Ask an expert: How do you maintain member engagement?

Member motivation flagging? It’s been a long year and many of our farmer groups are finding it challenging to keep members, particularly volunteers, engaged.

This month, we hear from Deb Bogenhuber, ecologist, slow food proponent and co-founder and Executive Officer of Food Next Door Co-op.

Mildura-based Food Next Door matches under-utilised farmland with landless farmers to support growing diverse crops using regenerative practices and to build community. It also operates Out of the Box, a weekly local produce box scheme of 100% local produce grown to organic and regenerative practices.

As a multi-stakeholder enterprise, the group engages of new migrant farmers, consumers and volunteers.

Committed to nourishing its people as much as the land, Deb says the group keeps up engagement by focusing on communication, listening, and giving decision-making agency to members.


How do you maintain member engagement?


Constantly review engagement strategy

We are new and this model is new, so we are constantly reviewing and talking about how to do things better when it comes to engaging our members. Engaging the farmers and the consumers is different and we have a different approach for each group.

Quality over quantity: Focus on one-on-one mentorship with community leaders and small groups

I think initially we were perhaps trying to do too much. Our expectations were quite high about the number of people we wanted to engage. But we’ve come back a bit to focusing on working closely with small groups of people. We are mentoring several new migrant farmers and they are leaders in their own communities in different ways so the hope is with their learning and with their engagement and their contribution to how the co-op grows and develops, then they become points of contact in their own communities.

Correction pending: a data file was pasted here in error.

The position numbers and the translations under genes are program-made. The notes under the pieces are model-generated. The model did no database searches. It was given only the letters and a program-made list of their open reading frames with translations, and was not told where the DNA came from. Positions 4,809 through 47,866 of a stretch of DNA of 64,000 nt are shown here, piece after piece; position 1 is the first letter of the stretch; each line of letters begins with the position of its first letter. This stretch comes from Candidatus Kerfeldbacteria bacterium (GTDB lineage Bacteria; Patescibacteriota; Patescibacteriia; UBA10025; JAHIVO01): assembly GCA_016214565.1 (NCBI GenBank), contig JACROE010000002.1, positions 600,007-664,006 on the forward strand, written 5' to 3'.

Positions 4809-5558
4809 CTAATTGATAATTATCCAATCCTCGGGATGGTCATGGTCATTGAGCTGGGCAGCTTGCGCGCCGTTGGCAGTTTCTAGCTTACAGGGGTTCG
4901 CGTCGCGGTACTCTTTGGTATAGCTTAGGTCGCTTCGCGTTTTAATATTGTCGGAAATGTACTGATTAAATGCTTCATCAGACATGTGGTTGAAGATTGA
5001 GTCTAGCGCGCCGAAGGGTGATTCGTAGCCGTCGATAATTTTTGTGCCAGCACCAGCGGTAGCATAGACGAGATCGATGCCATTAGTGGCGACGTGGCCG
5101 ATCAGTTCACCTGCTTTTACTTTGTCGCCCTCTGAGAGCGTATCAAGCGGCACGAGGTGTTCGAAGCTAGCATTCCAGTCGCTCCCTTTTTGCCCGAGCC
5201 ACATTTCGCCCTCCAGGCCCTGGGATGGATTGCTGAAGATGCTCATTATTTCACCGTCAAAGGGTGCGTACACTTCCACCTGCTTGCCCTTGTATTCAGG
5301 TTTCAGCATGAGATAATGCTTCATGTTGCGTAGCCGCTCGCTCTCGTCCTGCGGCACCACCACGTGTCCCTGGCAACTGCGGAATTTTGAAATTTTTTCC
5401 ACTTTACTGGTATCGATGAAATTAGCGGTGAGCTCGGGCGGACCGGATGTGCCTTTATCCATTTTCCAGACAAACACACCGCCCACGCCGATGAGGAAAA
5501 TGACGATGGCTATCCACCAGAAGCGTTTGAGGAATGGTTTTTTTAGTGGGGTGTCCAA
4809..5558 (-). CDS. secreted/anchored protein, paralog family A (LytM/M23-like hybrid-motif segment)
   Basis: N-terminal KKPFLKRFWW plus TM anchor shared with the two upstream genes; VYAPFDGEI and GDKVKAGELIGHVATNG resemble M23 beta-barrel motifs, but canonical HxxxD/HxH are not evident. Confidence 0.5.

Empower volunteers to make decisions

We have several key volunteers to keep engaged. What we have been able to do, and why we have been able to get to where we have, is because our volunteers helped make decisions; which is what you want your co-op members to do ultimately.

Communicate regularly and make it personal

We put a lot of energy in communication mainly by texts and WhatsApp groups. It’s a bit more direct and personal than emails and e-newsletters – which are a great tool – but people feel really connected because of that. Because we have Out of The Box that is this weekly thing that just keeps rolling along so our key volunteers are involved on a weekly basis.

Listen, then implement

I think it is a matter of constant and meaningful communication and listening. When you incorporate what people are saying, let them know you have done that. We have conducted regular online survey for OOTB customers and potential customers. When we have had a strong response about something, we implement it we then put it back out on social media: ‘Hey, we listened to you. You said you wanted avocados in the box every week, we are now doing our best to make the happen’.

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